December 1, 2008: Advanced Cell Technology, Inc. and CHA Biotech Co, Ltd. (CHA), a leading Korean-based biotechnology company focused on the development of stem cell technologies, announced the formation of a joint venture. The new company – Allied Cell Technology – will develop human blood cells and other clinical therapies based on ACTC’s proprietary hemangioblast cell technology. ACTC will exclusively license to the joint venture, which will be majority owned by CHA, all of its hemangioblast technology. CHA will contribute working capital for the venture as well as paying Advanced Cell a license fee of $500,000.
The new company will be located in Worcester, Massachusetts and will include Dr. Young Chung and the hemangioblast team headed by Dr. Shi-Jiang Lu from ACT. Dr. Robert Lanza will continue to lead ACTC’s retinal program, but will serve in a consulting capacity as Allied’s Chief Scientific Advisor. Besides the exclusive license and transferring the hemangioblast team, ACT will collaborate with the Joint Venture in securing grants to further the research and development of the technology. It is anticipated that this program may some day help address the critical care shortage of blood for emergency situations including military needs. The technology has also been shown to repair vascular damage in animals after heart attacks, limb ischemia, and diabetes.
December 30, 2008: The joint venture between Advanced Cell Technology, Inc. and Korean-based biotechnology company CHA Biotech Co, Ltd., announced today that the company would be named “Stem Cell & Regenerative Medicine International.”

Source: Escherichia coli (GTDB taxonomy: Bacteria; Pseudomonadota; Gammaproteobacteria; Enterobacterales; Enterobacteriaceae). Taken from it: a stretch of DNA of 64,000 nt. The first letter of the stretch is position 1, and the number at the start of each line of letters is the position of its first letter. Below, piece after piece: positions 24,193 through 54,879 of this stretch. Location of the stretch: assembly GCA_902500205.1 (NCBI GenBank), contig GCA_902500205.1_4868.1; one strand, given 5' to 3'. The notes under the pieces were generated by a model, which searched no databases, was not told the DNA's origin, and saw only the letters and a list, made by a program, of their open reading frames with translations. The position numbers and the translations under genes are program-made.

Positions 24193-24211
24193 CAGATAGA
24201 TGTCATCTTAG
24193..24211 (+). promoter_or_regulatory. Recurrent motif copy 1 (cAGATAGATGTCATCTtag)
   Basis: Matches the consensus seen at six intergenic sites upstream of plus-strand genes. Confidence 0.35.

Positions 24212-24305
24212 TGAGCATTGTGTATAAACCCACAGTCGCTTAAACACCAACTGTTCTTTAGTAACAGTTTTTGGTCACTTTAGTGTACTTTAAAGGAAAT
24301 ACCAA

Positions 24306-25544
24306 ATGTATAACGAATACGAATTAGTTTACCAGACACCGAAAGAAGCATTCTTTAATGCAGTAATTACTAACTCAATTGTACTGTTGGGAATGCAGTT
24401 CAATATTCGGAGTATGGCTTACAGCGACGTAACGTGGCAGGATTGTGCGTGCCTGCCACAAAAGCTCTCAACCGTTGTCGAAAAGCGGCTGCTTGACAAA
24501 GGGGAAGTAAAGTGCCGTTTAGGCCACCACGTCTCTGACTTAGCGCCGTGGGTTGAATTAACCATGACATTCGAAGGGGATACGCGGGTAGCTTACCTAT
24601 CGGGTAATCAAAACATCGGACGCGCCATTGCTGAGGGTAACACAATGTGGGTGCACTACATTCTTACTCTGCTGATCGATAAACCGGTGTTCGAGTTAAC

Can we conclude that what ACT has left in terms of existing technology is its retinal program? Given its commitment to the new joint venture will it have either time or money to carry forth new research on its own outside the retinal program? Since CHA Biotech owns the majority of the Joint Venture and is providing the working capital, can we conclude that in terms of time and research invested the most likely long term returns for Advanced Cell will come from license fees earned from the joint venture? what is ACTs plan for getting rid of the balance of its approximately $30 million in debt? ACT currently has a market capitalization of around $11 million. Does this fairly represent the companies value given the adjustments made in 2008? We should have a good idea by the end of 2009..